able to a ski pole and loud enough
to clear the slopes ahead for a
minimum of 400 yards. If this is
not appealing (or appalling) may
we suggest an Austrian wine bag, a
balance board, a face mask, a blue
beany with a red cord hanging
three feet down the back, or a
sure fire-never fail Alaskan bear-
skin coat at anywhere from $300
and up.
Ski wear is becoming more and
more popular with every new sea-
son, and with the rush for a
market consisting mainly of peo-
ple looking for something like no-
body else ever had, companies are
trying their best to innovate ; and
design just what the' customer
ordered. New this year are the
one - color co-ordinated fashions
carried out in a much longer, belt-

ed, ski coat, and matching ski!
slacks. Patterns are used profusely
in women's wear and are creeping,
in a somewhat more subdued
manner into the men's division.
Just as in the solids, patterned
fashions co-ordinate with slacks.
'If you've ever had that closed-in
feeilng from climbing into about
40 pounds of ski-wear, your trou-
bles are over. For the '65-'66 ski
season, the revolutionary. new silk
underwear will provide you with
light but snuggly warm protection
from the elements. The silk has
been found to be so effective that
it will line gloves and sweaters,
while nylon will be woven into
warm turtlenecks.
As to price, ski fashions are not
cheap. The heavy stitching and
thick fabrics, bright colors, and;
trend setting designs are the cause
of these high prices. However, the,
cost of complete outfits and equip-
ment has fallen in the last few
years with the introduction of new
materials and methods and the,
expansion of the ski market.
Skis range in price from $361

for a usable wooden ski to $200 for
Epoxy Kneissl Skis. Boots range
from $30 to $120 for the new dou-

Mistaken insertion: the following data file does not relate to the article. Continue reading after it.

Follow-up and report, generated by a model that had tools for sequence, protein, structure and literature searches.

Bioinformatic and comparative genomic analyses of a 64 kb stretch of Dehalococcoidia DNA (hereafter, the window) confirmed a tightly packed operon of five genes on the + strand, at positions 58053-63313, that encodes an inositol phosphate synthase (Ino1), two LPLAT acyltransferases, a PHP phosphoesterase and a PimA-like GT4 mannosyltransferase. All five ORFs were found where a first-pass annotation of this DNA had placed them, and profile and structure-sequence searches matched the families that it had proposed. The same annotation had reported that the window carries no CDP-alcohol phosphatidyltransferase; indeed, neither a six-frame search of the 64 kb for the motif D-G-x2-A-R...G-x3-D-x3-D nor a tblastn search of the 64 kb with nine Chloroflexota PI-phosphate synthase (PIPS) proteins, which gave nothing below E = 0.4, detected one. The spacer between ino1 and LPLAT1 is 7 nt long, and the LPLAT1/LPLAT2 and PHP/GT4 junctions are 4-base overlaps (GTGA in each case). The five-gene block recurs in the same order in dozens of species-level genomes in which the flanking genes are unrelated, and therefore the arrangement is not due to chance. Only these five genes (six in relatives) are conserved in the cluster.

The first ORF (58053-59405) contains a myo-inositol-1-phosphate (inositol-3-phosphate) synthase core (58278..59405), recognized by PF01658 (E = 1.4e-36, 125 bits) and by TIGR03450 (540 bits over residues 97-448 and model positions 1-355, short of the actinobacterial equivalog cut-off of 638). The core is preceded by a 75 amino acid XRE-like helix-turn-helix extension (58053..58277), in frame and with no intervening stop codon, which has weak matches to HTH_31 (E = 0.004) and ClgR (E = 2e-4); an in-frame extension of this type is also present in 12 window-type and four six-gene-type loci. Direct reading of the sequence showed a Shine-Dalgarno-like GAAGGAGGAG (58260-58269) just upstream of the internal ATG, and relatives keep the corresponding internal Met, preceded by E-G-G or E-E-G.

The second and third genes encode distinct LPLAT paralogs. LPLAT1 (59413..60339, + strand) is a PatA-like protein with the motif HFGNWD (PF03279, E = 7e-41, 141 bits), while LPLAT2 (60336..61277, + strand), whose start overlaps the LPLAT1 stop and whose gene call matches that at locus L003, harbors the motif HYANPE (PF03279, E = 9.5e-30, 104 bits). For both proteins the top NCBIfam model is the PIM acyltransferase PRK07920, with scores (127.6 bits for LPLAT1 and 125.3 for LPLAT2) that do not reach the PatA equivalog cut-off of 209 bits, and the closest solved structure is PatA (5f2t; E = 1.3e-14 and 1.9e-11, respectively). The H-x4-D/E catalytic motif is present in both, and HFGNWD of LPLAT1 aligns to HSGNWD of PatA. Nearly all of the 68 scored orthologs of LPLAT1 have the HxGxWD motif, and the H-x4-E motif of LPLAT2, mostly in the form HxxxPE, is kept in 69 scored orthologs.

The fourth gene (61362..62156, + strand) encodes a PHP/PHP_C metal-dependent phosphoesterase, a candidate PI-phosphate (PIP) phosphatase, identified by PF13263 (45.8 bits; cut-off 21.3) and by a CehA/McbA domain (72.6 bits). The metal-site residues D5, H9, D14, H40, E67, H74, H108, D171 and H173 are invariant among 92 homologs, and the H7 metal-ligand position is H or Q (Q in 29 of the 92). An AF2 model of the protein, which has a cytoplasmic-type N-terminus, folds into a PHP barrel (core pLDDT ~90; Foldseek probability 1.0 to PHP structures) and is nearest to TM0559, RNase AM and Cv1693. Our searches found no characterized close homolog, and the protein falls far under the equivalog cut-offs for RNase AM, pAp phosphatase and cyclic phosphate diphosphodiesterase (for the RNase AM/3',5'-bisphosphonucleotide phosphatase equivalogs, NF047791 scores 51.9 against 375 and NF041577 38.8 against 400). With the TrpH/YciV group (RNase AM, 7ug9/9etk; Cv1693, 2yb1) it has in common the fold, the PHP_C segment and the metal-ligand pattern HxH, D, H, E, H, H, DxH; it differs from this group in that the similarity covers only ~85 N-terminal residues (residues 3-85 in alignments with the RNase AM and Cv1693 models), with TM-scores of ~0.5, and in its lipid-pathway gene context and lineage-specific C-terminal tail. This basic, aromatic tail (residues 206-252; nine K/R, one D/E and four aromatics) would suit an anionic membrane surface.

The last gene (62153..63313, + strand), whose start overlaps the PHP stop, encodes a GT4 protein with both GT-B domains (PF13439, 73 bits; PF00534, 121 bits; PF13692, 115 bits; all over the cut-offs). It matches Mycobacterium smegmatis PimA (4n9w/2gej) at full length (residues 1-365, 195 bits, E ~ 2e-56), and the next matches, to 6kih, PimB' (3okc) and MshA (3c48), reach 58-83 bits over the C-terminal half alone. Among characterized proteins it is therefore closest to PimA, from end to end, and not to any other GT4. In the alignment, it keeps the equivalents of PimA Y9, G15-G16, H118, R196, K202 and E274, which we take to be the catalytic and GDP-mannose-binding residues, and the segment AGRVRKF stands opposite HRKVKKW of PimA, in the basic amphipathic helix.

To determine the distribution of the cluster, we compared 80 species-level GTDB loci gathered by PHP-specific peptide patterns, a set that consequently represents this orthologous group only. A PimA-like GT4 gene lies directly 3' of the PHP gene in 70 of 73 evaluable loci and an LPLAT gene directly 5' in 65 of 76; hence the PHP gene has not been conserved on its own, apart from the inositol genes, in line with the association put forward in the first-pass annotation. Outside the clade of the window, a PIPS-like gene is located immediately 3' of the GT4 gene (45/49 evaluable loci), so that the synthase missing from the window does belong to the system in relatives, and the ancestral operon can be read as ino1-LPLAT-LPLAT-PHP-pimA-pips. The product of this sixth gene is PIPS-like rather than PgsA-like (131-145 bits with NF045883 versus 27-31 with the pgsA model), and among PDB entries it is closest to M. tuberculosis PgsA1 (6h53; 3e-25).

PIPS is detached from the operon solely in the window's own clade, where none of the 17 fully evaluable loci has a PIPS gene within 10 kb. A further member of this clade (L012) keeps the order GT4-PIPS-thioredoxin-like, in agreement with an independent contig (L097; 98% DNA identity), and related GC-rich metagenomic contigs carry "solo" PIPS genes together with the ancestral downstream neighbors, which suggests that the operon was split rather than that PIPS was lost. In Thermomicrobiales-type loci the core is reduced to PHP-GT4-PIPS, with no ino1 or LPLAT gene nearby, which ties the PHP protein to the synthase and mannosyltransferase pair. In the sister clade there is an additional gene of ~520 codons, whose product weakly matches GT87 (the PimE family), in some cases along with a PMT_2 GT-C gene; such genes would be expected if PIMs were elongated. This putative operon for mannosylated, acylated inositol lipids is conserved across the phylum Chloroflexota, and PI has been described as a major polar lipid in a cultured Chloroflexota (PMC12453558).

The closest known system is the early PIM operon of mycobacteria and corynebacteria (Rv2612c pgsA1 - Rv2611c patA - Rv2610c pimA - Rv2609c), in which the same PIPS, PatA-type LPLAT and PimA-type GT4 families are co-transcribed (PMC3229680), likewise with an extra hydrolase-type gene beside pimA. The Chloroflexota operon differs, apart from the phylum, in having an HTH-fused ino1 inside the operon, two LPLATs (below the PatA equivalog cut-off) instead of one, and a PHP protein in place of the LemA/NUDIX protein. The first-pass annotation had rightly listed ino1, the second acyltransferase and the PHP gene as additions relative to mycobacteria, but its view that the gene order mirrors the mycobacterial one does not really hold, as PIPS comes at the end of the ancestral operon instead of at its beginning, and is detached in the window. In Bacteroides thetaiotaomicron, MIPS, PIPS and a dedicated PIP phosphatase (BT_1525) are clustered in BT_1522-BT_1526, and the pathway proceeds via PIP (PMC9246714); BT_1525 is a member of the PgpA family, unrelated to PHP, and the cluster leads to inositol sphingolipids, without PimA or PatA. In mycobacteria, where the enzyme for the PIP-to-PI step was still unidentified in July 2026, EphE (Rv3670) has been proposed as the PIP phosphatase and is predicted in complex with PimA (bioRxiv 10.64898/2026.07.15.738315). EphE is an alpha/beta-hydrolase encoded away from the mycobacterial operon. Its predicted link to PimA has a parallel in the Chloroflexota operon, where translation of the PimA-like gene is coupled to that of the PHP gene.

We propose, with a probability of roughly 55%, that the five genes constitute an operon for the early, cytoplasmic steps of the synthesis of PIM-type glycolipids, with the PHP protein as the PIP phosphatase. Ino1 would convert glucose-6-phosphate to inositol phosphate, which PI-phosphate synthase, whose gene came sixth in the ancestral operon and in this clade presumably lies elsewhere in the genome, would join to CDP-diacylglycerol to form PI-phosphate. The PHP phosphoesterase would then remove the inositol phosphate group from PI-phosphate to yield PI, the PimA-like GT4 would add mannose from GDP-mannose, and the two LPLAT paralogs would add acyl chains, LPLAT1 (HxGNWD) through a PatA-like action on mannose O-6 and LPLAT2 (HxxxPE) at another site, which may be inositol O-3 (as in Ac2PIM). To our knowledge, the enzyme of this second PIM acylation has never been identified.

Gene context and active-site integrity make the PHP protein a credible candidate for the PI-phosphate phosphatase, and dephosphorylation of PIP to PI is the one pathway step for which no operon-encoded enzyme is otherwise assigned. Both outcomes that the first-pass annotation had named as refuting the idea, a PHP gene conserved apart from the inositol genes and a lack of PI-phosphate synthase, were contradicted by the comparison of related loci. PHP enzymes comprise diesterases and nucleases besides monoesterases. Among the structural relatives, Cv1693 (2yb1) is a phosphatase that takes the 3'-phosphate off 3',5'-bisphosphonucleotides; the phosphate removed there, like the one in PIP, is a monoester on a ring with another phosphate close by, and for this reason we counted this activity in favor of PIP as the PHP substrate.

ble booted buckle ski which has
recently become so popular. The3
buckle boot has been perfected to
give firm support and a quick
dressing and undressing period.
Poles range from $10 a pair to
as high as $40. Complete packages
are available from $40 on up.
Fashions for the skier provide
such a vast range of price that it
is best to just look, browse, and
switch price tickets if you can get
away with it.
Tee and Ski of Ann Arbor offers
free lessons and use of its hill to
customers, and at times, it even
offers shuttle service from the
Union to its store on State Street
near the expressway. Dave's Ski
Shop provides a s6cret formula
cheese dip for shoppers who want
to knaw as they paw.
For a gift that is as smart as it
is practical, or just something spe-
cial for yourself, the ski shop is
the place to look and find that
something "like np one else ever



leader in fine

Sizes 5 to 10
Widths N-M

j'' . , .
j : it

the gentler care of fine
with Soft-Sets finish
,. a national
- t ;



Armen Cleaners
630 S. Ashley-NO 3-4131
1 100 Broadway-NO 5-5610

Stores Open NigVhtly t1 9 P.M. Read and Use Daily Classifieds

.f.' Fragrances for every mood.. .delightful to use, flattering to give.
A, JOY by Jear Patou, sparkling fragrance ...romantic,
magnetic. . a draop enchants for hours. p oz. 18.00 ' oz. 33.00
B. CALECHE Herme's sophistcated perfume. . .a light, subtle
r-f floral blend. r' oz. 10.00 12oz:. 17.50
C. SHALiMAR-Guerlain, exotic scent of the great outdoors.
> 1/ 0oz. 10.00 '/ oz. 15.00 1 oz. 25.00
D. REPLIQUE, Raphael's famous French fragrance in a crystal
c7. a bottle. 'i oz. 7.50 % oz. 12.50
E. MADAME ROCHAS, engagingly feminine fragrance. . .modern,
t' I c 4 0/. 10.00 '2 oz. 15.00 1 oz. 25.00
F. CABOCHARD de Gres, perfume for sophisticated moderns.
a ling, completely French. 10.25 a oz. 19.00
5. is
IA 1 ~ aI P .


ft - " ' " .'.Tr"" :t

Back to Top

© 2024 Regents of the University of Michigan